In 1971, high-school chums Keith Barr and Terry Sherwood opened an audio-repair business in New York, and after fixing their fair share of busted pedals, reckoned they could do a better job.
A few years later, MXR Innovations was born, and the Phase 90 was the company's first stompbox out of the door.
Guitarists loved its thick harmonic-laden sweeps and one-knob operation, and it wasn't long before David Gilmour, Jimmy Page, and most famously of all, Eddie Van Halen made it a pedalboard staple.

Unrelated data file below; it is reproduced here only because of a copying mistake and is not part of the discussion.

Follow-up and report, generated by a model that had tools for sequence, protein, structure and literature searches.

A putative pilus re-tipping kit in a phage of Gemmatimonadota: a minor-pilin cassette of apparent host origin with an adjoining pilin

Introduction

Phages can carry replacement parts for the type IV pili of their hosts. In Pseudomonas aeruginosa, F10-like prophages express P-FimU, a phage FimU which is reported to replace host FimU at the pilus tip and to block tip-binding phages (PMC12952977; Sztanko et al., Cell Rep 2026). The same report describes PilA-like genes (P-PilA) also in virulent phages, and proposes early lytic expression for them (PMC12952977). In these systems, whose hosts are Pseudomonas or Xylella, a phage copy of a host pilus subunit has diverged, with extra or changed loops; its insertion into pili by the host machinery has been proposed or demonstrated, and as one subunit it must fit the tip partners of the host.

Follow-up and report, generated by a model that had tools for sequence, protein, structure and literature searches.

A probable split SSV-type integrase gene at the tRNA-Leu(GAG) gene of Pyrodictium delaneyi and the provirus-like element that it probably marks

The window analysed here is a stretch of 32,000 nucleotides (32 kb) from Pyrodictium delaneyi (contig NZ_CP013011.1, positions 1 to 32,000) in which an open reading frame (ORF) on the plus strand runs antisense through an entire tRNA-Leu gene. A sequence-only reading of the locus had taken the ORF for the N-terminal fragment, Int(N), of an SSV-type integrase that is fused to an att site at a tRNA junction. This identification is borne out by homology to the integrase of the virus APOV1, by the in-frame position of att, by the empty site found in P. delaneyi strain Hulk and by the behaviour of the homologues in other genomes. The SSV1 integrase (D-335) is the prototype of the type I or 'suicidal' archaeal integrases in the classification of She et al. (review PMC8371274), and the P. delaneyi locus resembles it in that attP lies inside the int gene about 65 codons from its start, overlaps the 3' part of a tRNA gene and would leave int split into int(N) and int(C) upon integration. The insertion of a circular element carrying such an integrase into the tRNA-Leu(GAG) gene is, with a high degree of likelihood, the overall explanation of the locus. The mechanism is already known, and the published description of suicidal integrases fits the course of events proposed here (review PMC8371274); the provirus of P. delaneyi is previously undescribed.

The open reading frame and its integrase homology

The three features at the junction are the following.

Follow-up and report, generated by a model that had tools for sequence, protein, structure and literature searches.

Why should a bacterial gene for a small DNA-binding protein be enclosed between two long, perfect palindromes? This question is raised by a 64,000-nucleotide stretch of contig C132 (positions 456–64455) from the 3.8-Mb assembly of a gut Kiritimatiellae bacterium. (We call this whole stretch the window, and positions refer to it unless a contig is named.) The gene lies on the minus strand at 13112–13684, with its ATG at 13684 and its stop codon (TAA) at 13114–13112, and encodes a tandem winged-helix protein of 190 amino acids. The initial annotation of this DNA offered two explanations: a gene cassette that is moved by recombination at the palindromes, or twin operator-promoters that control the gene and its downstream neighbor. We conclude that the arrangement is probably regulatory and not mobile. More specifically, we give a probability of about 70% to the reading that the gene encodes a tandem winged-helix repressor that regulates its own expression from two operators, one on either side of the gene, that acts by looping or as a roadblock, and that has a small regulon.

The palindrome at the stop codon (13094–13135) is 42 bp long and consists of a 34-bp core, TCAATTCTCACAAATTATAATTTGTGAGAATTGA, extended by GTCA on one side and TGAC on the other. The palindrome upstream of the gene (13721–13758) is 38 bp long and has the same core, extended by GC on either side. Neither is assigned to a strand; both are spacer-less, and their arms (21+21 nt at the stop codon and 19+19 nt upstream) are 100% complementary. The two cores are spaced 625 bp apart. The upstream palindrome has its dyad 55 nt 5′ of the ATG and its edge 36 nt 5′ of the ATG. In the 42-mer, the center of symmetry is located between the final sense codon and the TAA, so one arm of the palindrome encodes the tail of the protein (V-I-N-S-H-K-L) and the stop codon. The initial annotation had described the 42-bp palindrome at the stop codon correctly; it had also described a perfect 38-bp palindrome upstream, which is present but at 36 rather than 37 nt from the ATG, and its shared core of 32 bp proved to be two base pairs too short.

Early Phase 90s bear the company's classy script logo, and remain the most desirable for tonehounds, who swear they sound better than the latter-day block-logo 90s, which featured a number of component changes.
MXR went bust in 1984, but Dunlop picked up production in the late-80s, relaunching the block-logo Phase 90 for a new generation.
While recent years have seen the company revive the script logo - along with '74 Vintage plus Zakk Wylde and EVH signature versions - you can't go wrong with any of MXR's orange wonders: the Phase 90 is still the benchmark for classic swirl.
MXR Phase 90 timeline
The Phase 90 launches the MXR brand in New York.
MXR's distinctive script label is replaced by the block logo version.
Jim Dunlop buys the MXR brand, following the dissolution of the company in 1984.
The '74 Vintage Phase 90 is introduced, complete with original-spec components.